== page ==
Economy stands to enjoy boost but US sport’s chiefs insist deal a long way off
A LONDON NFL team would boost the capital’s economy by more than £100m annually, a new report claims – but the sport’s chiefs have warned that they are not prepared to rush into the move.
Deloitte’s study, commissioned by the National Football League (NFL), calculates that a franchise that played its eight home games at Wembley Stadium would generate £102m for Greater London.
Last year’s two NFL matches at the same venue injected an estimated £32m, while the addition of a third sold-out London fixture, being played next week, is set to see that figure grow even further this season.
Culture, media and sport secretary Sajid Javid called the Wembley matches “a great success on and off the field” and said London and Britain would “welcome with open arms” a franchise.
The Mayor of London’s head of sport Simon Cooper said: “We think things are coming along very well for that. The Mayor is a huge supporter of that, and we think everything is in place now to make that happen.”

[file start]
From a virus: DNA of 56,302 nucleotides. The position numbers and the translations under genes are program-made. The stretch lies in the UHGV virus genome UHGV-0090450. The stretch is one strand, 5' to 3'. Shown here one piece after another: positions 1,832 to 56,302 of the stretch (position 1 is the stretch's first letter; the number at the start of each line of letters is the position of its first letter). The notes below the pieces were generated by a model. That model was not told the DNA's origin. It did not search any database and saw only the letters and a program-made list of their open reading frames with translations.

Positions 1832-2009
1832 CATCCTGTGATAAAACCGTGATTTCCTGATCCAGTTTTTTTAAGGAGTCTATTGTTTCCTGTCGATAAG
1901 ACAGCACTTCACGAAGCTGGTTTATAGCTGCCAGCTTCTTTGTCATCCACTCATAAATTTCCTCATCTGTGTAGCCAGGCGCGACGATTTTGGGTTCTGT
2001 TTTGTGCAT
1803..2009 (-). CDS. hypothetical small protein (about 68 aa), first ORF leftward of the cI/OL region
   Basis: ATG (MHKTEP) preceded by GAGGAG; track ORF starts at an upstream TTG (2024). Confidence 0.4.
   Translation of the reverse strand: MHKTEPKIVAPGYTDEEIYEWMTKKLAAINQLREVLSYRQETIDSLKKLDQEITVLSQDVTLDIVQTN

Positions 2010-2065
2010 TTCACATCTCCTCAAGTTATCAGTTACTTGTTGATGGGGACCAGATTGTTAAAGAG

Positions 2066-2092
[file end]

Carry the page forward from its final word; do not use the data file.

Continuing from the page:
Suggestions emerged earlier this month that a gridiron team could move to Wembley as soon as 2018, but NFL international chief Mark Waller said no decision on the proposal was expected before 2019.
Waller, who last month indicated that a 2022 start date for a London franchise was “on track”, added that further experimentation with Wembley games on consecutive weekends, the removal of a week’s post-match rest that visiting teams currently enjoy, and fixture scheduling was needed before firm plans could be put to a vote of owners of the existing 32 franchises.
“Can this team be competitive? Because ultimately there’s no value to anybody putting a team here and then finding that the rigours of the season do not allow it to compete at the highest level,” he said. “That’s probably a five-year piece of work.”
Wembley hosted Detroit Lions’ win over Atlanta Falcons on Sunday, and will stage Jacksonville Jaguars against Dallas Cowboys on 9 November.